In his first 3 years at the club he managed to unearth indisputable success stories like Reina, Skrtel, Agger, Aurelio, Insua, Alonso, Arbeloa, Garica, Benayoun, Kuyt and Torres. Even the likes of Bellamy and Sissoko, players whose time at Anfield turned sour in the end, were sold at a profit. Some of the above mentioned players may not have turned heads but they have all proved to be genuine value for money.
Now, if we look at the last two seasons we see the signings of Cavalieri, Degen, Dossena, Riera, Keane, N’Gog, Johnson, Aquilani and Kyrgiakos. How many of those will prove to be value for money signings? We already know that Dossena and Keane, worth £27mil combined, haven’t. For £3mil Cavalieri doesn’t seem like a bargain either. Riera and Kyrgiakos could prove to be decent signings for money spent while the jury is still out on Johnson and Aquilani. Johnson, while a fine footballer with a lot of potential for improvement, could still prove too costly at £18mil. That is when we take into account Liverpool’s budget. Aquilani, while a very talented player who may become a big man at Anfield, does not seem like he’ll have a telling impact this season.
If we look at Benitez’ signings in his time at Liverpool it does seem like his touch for bargains has deserted him in the last couple of years.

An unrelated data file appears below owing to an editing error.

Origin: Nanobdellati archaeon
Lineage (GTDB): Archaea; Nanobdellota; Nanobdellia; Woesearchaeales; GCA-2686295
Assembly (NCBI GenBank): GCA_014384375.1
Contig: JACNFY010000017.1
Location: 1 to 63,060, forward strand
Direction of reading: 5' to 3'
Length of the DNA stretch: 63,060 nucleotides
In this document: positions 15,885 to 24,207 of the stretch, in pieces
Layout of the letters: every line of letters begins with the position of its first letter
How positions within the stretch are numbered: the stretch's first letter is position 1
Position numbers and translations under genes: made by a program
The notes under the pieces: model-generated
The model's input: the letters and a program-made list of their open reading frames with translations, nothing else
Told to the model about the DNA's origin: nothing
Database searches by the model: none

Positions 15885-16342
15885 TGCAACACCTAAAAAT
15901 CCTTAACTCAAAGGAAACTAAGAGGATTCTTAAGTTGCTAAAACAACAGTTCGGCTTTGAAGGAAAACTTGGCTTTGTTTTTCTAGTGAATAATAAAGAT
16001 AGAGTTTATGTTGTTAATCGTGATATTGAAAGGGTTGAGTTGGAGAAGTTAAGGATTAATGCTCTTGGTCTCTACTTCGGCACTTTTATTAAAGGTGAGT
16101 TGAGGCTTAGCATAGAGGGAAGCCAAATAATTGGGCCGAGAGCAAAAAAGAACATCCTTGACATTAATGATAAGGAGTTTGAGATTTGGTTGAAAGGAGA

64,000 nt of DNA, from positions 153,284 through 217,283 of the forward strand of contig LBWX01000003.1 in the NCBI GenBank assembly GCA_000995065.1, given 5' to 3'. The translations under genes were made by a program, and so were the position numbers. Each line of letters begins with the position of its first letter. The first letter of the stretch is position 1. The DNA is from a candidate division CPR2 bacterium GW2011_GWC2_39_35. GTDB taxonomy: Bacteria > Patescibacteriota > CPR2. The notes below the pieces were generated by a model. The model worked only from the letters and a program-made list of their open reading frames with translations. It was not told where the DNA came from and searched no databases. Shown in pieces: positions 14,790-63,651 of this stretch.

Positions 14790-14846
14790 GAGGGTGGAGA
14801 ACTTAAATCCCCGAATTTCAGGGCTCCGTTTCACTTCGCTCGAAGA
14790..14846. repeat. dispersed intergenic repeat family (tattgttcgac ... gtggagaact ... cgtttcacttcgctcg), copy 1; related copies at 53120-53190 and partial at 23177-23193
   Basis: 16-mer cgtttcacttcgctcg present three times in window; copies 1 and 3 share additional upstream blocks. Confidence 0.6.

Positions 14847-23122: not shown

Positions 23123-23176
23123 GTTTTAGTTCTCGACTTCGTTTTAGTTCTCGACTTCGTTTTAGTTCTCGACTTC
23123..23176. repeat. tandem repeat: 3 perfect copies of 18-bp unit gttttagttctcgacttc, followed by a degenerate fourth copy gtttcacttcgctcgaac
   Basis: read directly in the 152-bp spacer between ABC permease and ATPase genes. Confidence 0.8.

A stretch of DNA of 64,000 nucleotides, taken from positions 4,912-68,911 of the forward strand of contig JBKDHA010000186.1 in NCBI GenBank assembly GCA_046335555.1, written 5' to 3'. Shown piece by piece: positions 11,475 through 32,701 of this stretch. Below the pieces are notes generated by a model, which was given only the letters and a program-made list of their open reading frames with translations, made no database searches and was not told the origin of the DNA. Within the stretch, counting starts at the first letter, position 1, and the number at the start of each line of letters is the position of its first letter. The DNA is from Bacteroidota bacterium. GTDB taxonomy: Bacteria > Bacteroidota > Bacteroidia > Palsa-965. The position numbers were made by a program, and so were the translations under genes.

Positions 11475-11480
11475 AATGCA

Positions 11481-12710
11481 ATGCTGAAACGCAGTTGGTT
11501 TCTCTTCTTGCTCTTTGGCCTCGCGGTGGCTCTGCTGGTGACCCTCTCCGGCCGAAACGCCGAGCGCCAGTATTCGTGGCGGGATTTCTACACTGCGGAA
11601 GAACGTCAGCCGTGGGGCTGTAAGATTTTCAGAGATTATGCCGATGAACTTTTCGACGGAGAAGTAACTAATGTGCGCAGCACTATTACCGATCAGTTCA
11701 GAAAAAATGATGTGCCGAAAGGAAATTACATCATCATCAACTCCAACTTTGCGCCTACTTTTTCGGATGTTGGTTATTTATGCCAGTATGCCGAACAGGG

It does seem like money has been wasted in the last two seasons more than in the previous seasons under Rafa. Even if some of them go on to prove themselves worthy of their fees, where are the bargains? Have the scouts Rafa used in his first few years at the club been doing an inadequate job? Is it simply a case of Rafa trying to go for more expensive players but has instead been caught in the very dangerous £15-20mil per player land, where you’re neither getting a world superstar nor a bargain? It’s difficult to know from the outside but the transfer machine isn’t quite functioning at Liverpool at the moment.
Buying and selling players aside, it has to be said that uncharacteristic mistakes have been made both on the pitch and on the touchline this season. Defenders cannot defend, midfielders are neither helping the defence nor forming attacks and wide players are all struggling, apart from Benayoun. Up front Torres is isolated and asked to be Superman every week.
There is no doubt that Liverpool are missing a quality central midfielder with Alonso gone, Aquilani unavailable and Lucas not good enough to do the job a central midfielder at Liverpool is asked to do. However, Gerrard has been an option alongside Mascherano prior to his injury and he wasn’t used there. Instead he spent his time sleeping just behind Torres while Mascherano, Lucas and Kuyt struggle to get him involved in the game. Then there is Benayoun, one of the best Liverpool performers this season, being shunted out to the left and made completely ineffective in recent games.